At the institute, Rozhdestvensky studied together with FV Antonov, GG Nyssky, VV Pochigalov, NM Romadin, SA Chuikov, and others in the future known masters who made a great contribution to Soviet art. In the first two courses, his teachers in drawing were SV Gerasimov and DA Sherbinovsky, and in painting – AA Osmerkin. In the third year, Rozhdestvensky studied in the workshop of DN Kardovsky – a famous teacher and artist. Under his leadership, Rozhdestvensky received good professional training, strengthened realistic skills. Considering D. N. Kardovsky as his main teacher, at the same time he showed interest in pedagogical systems and art installations of other teachers.
In Vkhutmas Rozhdestvensky came to a certain extent the established artist. While engaged in Vkhutemas, Rozhdestvensky turned to in-depth study of nature; he began serious professional searches in this direction.
In the first years after graduation, Rozhdestvensky was engaged in painting and graphics. He collaborated in a number of Moscow publishing houses, performed illustrations for stories published in literary and art magazines. In 1929, Rozhdestvensky made illustrations to the published in the novel-newspaper “Rebellion of the Fishermen” by Anna Zegers. In addition, he created many illustrations on modern topics. For example, the drawings “At the Construction Site” (1930) and the “Rabfakovka” (1931), depicting the poetic image of a girl engaged in the evening by the light of a kerosene lamp.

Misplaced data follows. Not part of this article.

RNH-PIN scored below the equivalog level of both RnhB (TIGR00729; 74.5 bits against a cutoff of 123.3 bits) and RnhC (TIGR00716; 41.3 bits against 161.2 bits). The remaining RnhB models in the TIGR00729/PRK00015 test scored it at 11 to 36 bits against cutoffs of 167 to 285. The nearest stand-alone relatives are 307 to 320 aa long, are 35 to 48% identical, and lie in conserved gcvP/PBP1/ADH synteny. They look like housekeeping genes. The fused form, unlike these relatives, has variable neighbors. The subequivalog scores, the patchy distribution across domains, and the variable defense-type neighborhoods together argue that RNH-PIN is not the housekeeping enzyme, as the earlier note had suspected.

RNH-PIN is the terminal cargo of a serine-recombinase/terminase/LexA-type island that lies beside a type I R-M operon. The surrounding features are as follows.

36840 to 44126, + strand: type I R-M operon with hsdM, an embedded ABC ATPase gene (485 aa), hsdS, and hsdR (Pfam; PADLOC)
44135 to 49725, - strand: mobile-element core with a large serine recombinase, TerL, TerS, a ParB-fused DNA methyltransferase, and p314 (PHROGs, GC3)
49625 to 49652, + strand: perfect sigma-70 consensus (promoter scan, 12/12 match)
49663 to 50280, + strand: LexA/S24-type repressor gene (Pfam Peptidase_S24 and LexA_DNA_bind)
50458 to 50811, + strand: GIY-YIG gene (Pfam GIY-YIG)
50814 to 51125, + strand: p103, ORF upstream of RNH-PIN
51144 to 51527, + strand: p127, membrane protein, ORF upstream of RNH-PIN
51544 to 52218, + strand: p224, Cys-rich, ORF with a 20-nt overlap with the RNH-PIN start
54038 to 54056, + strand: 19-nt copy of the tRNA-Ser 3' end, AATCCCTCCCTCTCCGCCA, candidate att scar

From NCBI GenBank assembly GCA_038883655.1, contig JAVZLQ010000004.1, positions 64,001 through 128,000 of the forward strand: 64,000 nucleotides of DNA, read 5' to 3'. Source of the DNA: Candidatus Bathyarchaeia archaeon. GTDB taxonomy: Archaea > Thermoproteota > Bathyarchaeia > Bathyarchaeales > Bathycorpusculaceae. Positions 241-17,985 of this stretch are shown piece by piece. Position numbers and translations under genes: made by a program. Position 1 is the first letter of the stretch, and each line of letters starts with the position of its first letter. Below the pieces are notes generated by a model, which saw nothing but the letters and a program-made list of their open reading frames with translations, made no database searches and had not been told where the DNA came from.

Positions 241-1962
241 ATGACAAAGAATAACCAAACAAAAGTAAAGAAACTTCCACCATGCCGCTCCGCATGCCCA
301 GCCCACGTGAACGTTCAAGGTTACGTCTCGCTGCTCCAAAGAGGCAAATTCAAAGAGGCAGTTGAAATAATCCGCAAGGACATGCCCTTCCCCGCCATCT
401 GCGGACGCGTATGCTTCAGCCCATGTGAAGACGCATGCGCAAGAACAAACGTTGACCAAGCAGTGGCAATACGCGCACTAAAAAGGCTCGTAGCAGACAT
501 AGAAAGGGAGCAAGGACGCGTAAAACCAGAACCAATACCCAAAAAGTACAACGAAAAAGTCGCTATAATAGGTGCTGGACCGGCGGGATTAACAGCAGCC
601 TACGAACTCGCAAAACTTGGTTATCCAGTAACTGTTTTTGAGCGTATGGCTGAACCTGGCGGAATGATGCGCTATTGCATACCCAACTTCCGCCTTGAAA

In 1934-1935, the artist performed a series of illustrations to stories about Central Asia, in which he portrayed the emancipated women of the Soviet East. All these works show a realistic character, knowledge of the material and an interested attitude of the artist to the themes of the drawings. Later, Rozhdestvensky continued to carry out publishing orders, but the main attention he paid to the painting, which attracted him most.
During the Great Patriotic War, Rozhdestvensky was in the heroic capital. In the harsh 1942 he joined the Moscow Union of Soviet Artists. Sensitively reacting to reports from the fronts, he worked hard in the House of the Red Army of the Moscow Military District. There he carried out agitation materials, which then had an exceptionally important political significance, raising the morale of the Soviet people. They were military posters, leaflets with drawings, photo newspapers. And we remember now about that truly heroic creative work of the masters of fine arts and appreciating their contribution to the Victory over Hitler Germany.
Over the years, the main direction in the creative activity of the artist was the everyday genre. In the process of this work, he gradually moved from the technique of oil painting to gouache. Creativity of Rozhdestvensky developed quite a lot. It combined different styles, one in a single realistic manner.
Soviet painter Alexander Rozhdestvensky
Illustrated album “Alexandr Rozhdestvensky”. Author N.N. Golovanov. Publisher Artists of RSFSR, 1981